As the world hurtles toward its urban future, the opportunities and challenges of urbanization become ever more apparent. Cities are the most complex, economically powerful, culturally diverse, and socially important creation of humanity, but also a key factor in climate change.

Cities drive our economies and cultures; they bring together ideas, passions, finance, and a rainbow of colorful agendas. They are home to most of the world’s infrastructure, governments, and cultural institutions, as well as Fortune 500 companies.

But storm clouds are gathering. Eighty percent of GHG emissions come from cities, and citydwellers will bear the brunt of adapting to climate change. The rapid urbanization of the coming 25 years promises that cities in developing countries will need to accommodate 2 billion additional residents who will require water, sanitation, transportation, electricity, healthcare, and education. Addressing future GHG emissions and increasing resilience must be an integral part of any city’s climate change plan.

Urban residents, governments, and businesses need to develop sustainable cities—not only because cities contribute to climate change, but also because they are particularly vulner­able to it. Low-carbon cities reduce GHG emissions as they usher in an era of cost savings, cleaner air, and better living standards.

The experiences of cities like Barcelona, Portland, and Vancouver supply important lessons, as illustrated by the video interview with Barcelona Global’s CEO in this issue. After all, cities, like people, can learn from each other as they focus worldwide on climate change mitigation and adaptation.


50 largest cities & urban areas

Combined, the 50 largest cities and urban areas are home to 500 million people, have a total GDP of $9,564 billion, and emit 2.6 billion tonnes of CO2e per year.

1. Tokyo, Japan
2. Mexico City, Mexico
3. Mumbai, India
4. New York, U.S.A.
5. São Paulo, Brazil
6. Delhi, India
7. Calcutta, India
8. Jakarta, Indonesia
9. Buenos Aires, Argentina
10. Dhaka, Bangladesh
11. Shanghai, China
12. Los Angeles, U.S.A.
13. Karachi, Pakistan
14. Lagos, Nigeria
15. Rio de Janeiro, Brazil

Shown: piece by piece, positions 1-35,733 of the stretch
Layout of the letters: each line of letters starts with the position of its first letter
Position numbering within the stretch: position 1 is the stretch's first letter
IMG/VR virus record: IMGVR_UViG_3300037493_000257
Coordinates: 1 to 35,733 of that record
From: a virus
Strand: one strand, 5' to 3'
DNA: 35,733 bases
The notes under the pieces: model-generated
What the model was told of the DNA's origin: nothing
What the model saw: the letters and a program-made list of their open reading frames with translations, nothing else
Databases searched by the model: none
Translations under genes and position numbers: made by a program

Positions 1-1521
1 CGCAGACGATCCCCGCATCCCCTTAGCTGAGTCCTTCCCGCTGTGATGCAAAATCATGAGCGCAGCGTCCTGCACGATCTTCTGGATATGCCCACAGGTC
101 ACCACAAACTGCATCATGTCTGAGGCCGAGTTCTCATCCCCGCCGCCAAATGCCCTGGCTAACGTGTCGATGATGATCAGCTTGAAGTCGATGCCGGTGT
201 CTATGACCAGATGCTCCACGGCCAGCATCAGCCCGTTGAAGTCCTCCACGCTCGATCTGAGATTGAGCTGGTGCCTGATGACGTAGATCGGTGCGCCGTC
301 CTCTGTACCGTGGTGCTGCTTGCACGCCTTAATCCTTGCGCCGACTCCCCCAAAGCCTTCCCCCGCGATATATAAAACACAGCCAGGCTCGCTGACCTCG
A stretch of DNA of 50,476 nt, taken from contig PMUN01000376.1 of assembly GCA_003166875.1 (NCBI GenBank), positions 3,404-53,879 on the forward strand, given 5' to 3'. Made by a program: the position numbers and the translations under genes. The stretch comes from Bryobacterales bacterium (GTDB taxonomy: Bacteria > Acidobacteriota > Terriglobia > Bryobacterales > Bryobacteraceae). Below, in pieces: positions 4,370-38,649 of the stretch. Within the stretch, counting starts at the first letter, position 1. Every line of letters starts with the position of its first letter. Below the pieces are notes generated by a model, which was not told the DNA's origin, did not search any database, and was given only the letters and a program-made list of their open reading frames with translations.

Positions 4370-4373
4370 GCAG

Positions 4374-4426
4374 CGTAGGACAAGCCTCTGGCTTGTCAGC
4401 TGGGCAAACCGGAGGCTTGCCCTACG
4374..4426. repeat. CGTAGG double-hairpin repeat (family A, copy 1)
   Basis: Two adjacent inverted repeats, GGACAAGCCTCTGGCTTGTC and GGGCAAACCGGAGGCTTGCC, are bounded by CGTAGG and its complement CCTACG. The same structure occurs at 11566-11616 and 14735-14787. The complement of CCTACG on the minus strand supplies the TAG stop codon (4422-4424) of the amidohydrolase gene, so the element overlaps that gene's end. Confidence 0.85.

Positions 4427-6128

16. Osaka, Japan
17. Cairo, Egypt
18. Beijing, China
19. Moscow, Russia
20. Manila, Philippines
21. Istanbul, Turkey
22. Paris, France
23. Seoul, South Korea
24. Tianjin, China
25. Chicago, U.S.A.
26. Lima, Peru
27. Bogota, Colombia
28. London, U.K.
29. Tehran, Iran
30. Hong Kong, China
31. Chennai, India
32. Bangalore, India
33. Bangkok, Thailand
34. Dortmund, Germany
35. Lahore, Pakistan
36. Hyderabad, India
37. Wuhan, China
38. Baghdad, Iraq
39. Kinshasa, Congo
40. Riyadh, Saudi Arabia
41. Santiago, Chile
42. Miami, U.S.A.
43. Belo Horizonte, Brazil
44. Philadelphia, U.S.A.
45. St. Petersburg, Russia
46. Ahmadabad, India
47. Madrid, Spain
48. Toronto, Canada
49. Ho Chi Minh City, Vietnam
50. Chongging, China

The 2006 population figures are based on censuses carried out between 2000 and 2005 and adjusted to take account of average annual population changes (

By 2050, global urban population will double; built-up area will triple.

Top countries & 50 largest cities

in terms of population, GHG emissions, and GDP


Source: World Bank 2010. Table is for indicative purposes only. The years of data sources vary across countries and are determined by the last available UNFCCC-reported country data.

GHG emissions & urban lifestyle

The lifestyle choices of urban residents can significantly impact emissions.  According to economist Edward Glaeser, the average household in 48 major metro areas generates up to 35 percent less GHG emissions when located in the city instead of the corresponding suburbs.  Here Handshake presents three examples that show how infrastructure, policy, and access to services are closely interrelated.
3.5 tCO2e per year
Maria, a program assistant for a private company, lives in Bogota City. She shares a house with her husband and two children and loves to cook. She has many electrical appliances in her kitchen, including a refrigerator, microwave, stove, and blender. She also has a TV, DVD player, computer, and miscellaneous other items to make life easier. She does not have heating or AC, as it’s not needed. Maria commutes from home using the Transmilenio bus rapid transit system. She usually spends her vacations at home.
11.5 tCO2e per year
Nathan is a student living with his parents in the suburbs of Toronto. He owns a medium-sized car which he uses to go to school (25 kms each way daily). He also travels by plane at least twice a year. He cannot imagine not having a mobile phone, iPod, and laptop. He also has other entertainment systems at home that he keeps plugged in all the time. Due to the weather, his house needs to be both heated and cooled.
1.8 tCO2e per year
Yusuph, a Tanzanian tailor, lives in Dar es Salaam. He never has his electrical appliances plugged in unless he is using them, as he is afraid that they might overload during one of the common power cuts. He has a TV, sewing machine, radio, refrigerator, water boiler, and table fan. He lives with his wife, his three children, and two cousins in a typical Swahili house. Despite the warm weather year round, he has no air conditioning. Every day, he takes the “daladala” (minivan) to work (10 kms).